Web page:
Liq. of the nitre, may thus be procured. But com

Specific Acid Dry acid Specific Acid Dr monly the heat is raised too high, whence more

Gravity in in 100. Gravity. in in or less of the acid is decomposed, and its pro

100. portion of water, uniting to the remainder, reduces its strength. It is not profitable to use a

1:5000 100 79.700 1-2947 50, .. smaller proportion of sulphuric acid, when a 1.4980 99 78.9031.2887 49 concentrated nitric is required. But when only

1.4960 98 78.106 1.2826 48 a dilute acid, called in commerce aquafortis, is 1.4940 97 77.309 1.2765 47 11 required, then less sulphuric acid will suffice,

1.4910 96 76-512 1.2705 4613 provided a portion of water be added. 100

1.4880 95 75.715 1.2644 45 parts of good nitre, sixty of strong sulphuric acid, 1.4850 94 74:918 1.2583 44 and twenty of water, form economical proportions. 1.4820 93 74.121 1.2523 43 In the large way, and for the purposes of the

1.4790 92 73.324 1.2462 421 arts, extremely thick cast-iron or earthen retorts

1:4760 91 72.527 1.2402 41 are employed, to which an earthen head is

1.4730 90 71-730 1.2341 40 adapted, and connected with a range of proper 1.4700 89 70-933 1.2277 39 condensers. The strength of the acid too is va- 1.4670 88 70.136 1.2212 38 ried, by putting more or less water in the re

1.4640 87 69.339 1.2148 37 ceivers. The nitric acid thus made generally

1.4600 86 68.542

1 2084 36 contains sulphuric acid, and also muriatic, from

1.457085 67.745

1.2019 35 the impurity of the nitrate employed. If the

1.4530 84 66.948 1.1958 34 former a solution of nitrate of barytes will occa

1.4500 83 66.155 1:1895 33 sion a white precipitate; if the laiter, nitrate of

1.4460 82 65.354 1.1833 32 silver will render it milky. The sulphuric acid

1:4424 81 64.557 1.1770 31 may be separated by a second distillation from

1.4385 80 63.760 1.1709 30 very pure nitre, equal in weight to an eighth of

1.4346 79 62.963 1.1648 29 that originally employed; or by precipitating 1.430678 62 1661.1587 28 with nitrate of barytes, decanting the clear liquid, 1.4269 77 61.369 1.1526 27 and distilling it. The muriatic acid may be se- 1.4228 76 60-572 1:1465 / 26 parated by proceeding in the same way with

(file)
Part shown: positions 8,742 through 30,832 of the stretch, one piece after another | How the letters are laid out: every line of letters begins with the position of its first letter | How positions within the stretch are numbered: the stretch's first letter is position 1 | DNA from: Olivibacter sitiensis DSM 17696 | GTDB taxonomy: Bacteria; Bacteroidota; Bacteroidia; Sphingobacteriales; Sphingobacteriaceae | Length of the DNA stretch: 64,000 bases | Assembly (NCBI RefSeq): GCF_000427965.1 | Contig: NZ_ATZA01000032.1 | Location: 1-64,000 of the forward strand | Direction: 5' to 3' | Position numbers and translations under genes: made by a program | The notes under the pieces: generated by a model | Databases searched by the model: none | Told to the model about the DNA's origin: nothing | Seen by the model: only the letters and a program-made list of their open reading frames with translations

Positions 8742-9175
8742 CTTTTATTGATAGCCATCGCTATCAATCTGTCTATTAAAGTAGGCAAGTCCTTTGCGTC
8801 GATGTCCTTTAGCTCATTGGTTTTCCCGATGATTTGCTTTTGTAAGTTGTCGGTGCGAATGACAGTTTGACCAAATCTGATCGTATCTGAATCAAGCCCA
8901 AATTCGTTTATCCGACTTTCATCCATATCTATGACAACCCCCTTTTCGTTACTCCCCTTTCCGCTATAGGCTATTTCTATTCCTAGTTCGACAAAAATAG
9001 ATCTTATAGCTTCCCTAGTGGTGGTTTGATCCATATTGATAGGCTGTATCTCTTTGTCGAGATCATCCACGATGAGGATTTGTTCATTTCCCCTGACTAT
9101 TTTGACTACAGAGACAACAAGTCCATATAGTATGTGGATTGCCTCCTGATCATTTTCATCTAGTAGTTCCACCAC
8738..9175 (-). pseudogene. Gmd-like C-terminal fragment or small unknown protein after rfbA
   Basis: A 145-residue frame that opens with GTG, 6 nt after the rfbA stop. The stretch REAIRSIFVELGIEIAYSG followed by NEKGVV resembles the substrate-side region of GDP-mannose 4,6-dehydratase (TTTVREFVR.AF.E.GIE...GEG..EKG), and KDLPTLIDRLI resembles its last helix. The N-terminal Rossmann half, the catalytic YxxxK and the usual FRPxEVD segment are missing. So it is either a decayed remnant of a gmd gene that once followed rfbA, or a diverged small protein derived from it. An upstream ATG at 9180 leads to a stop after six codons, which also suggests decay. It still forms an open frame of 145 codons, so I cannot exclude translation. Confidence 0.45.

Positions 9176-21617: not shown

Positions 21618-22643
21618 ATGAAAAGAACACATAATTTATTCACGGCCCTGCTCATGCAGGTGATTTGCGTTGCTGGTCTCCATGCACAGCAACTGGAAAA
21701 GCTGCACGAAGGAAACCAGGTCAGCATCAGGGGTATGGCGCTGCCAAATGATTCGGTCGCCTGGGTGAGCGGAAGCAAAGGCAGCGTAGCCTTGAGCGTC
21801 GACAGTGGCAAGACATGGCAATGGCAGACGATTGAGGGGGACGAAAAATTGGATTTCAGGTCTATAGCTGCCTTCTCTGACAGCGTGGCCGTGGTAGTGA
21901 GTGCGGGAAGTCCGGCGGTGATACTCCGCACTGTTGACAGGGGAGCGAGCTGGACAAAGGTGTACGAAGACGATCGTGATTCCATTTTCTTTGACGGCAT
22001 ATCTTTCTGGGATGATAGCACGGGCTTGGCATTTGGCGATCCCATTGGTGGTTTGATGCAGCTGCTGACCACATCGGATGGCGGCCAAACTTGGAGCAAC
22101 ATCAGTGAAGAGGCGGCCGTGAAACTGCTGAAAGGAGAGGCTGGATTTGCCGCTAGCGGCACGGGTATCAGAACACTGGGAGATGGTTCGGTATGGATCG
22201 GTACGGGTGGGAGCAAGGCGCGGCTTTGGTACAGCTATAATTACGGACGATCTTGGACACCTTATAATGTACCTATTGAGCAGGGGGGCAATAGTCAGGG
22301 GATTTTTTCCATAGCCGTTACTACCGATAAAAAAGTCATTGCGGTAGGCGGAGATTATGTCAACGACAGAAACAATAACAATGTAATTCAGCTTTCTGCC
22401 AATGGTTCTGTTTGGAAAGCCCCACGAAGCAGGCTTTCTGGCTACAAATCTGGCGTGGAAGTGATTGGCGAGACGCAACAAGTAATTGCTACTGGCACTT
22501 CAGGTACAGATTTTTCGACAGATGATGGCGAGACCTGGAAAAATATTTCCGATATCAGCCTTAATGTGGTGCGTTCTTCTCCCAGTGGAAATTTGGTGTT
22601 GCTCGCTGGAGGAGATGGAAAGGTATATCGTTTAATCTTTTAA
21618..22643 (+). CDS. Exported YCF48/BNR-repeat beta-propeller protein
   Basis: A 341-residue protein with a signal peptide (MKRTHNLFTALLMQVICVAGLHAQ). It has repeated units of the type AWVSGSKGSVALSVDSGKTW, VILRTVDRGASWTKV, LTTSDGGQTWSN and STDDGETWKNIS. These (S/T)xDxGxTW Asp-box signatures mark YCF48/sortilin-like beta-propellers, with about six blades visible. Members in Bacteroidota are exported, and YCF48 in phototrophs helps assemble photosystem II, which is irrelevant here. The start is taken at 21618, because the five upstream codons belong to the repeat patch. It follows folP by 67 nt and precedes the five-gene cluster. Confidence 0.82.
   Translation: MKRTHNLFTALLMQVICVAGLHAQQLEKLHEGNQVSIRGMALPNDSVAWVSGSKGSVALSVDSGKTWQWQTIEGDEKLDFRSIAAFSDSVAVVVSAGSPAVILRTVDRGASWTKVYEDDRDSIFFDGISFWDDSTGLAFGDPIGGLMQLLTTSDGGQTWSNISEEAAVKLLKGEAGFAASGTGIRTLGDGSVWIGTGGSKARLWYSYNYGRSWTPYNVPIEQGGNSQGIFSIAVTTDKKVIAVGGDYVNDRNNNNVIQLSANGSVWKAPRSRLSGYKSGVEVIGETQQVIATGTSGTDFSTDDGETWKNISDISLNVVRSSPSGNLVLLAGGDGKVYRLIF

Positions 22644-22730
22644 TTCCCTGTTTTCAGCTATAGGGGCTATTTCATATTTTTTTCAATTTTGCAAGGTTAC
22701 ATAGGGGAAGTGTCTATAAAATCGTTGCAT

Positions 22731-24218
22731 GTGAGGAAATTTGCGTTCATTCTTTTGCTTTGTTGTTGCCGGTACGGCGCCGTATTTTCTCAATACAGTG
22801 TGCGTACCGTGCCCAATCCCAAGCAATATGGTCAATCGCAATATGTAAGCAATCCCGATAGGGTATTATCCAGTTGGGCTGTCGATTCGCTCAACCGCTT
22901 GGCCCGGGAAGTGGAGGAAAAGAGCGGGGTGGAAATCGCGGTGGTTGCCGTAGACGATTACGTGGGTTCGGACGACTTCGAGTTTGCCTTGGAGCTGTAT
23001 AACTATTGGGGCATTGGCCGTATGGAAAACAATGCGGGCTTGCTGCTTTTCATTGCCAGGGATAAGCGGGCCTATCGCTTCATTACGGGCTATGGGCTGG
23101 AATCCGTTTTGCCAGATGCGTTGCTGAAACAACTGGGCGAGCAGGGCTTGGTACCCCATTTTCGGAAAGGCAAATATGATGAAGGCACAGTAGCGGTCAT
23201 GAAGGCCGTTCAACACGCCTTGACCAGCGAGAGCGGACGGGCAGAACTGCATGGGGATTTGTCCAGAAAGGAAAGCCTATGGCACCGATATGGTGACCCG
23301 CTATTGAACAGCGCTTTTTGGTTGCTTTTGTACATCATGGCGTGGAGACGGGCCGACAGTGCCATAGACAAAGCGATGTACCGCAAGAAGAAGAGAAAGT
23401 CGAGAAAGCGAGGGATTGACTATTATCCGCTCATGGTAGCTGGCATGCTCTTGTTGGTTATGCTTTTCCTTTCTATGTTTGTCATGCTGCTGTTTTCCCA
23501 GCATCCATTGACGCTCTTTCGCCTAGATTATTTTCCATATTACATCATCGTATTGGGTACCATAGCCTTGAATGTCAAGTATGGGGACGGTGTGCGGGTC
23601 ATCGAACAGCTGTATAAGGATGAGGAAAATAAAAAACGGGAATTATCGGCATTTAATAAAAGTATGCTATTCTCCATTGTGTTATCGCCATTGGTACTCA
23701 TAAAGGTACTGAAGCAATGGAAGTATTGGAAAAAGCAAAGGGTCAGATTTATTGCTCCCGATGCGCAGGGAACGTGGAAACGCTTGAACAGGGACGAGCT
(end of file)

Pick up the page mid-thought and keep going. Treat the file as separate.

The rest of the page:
1.4189 75 59.775

1.1403 25 nitrate of silver, or with litharge, decanting the 1:4147 | 74 58.978

1.1345 24 clear liquid, and redistilling it, leaving an eighth 1.4107 73 58.181 1.1286 23 or tenth part in the retort.

1.4065 72 57.384 1.1227 22 The vessels should be made to fit tight by

1.4023 71 56.587 1.1 168 21 1 grinding, as any lute is liable to contaminate the

1.3978 70 55.790

1:1109 i 20' product.

1.3945 69 54.993 1•1051 1953 As this acid still holds in solution more or less

1.3882 68 54:196 nitrous gas, it is not in fact nitric acid, but a

1.3833 67 53.399

1.0935 17 kind of nitrous; it is therefore necessary to put 1.3783 66 52.602 it into a retort, to which a receiver is added, the

1.3732 65 51.805 1.0821 / 15 116 two vessels not being luted, and to apply a very 1.3681 64 51.068 1.0764 14 111 gentle heat for several hours, changing the re

1.3630 63 50.211

1.0708 131 ceiver as soon as it is filled with red vapors. 1.3579 62 49:414 1.0651 12 from The nitrous gas will thus be expelled, and the 1.3529 61 48.617 1.0595 11 nitric acid will remain in the retort as limpid 1.3477 60 47.820 1.0540 10 and colorless as water. It should be kept in a 1.3427 59 47:023 1.0485 bottle secluded from the light, otherwise it will 1.3376 58 46.226 1.0430 lose part of its oxygen.

1.3323 57

45.429 1.0375 7 51 What remains in the retort is a bisulphate of 1.3270 56 44.632 1.0320

1.3216 55 43.835 1.0267 expelled by a pretty strong heat, and the resi

1.3163 54 43 038 1.0212 duum, being dissolved and crystallised, will be 1.3110 53 42.241 sulphate of potash.

1.0106 As nitric acid in a fluid state is always mixed 1.3001 51 40:647 1.0053 1 0 with water, different attempts have been made

1.3056 52 41.444

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1.0993 181

1.0878 16

8 69

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4 1.0159 31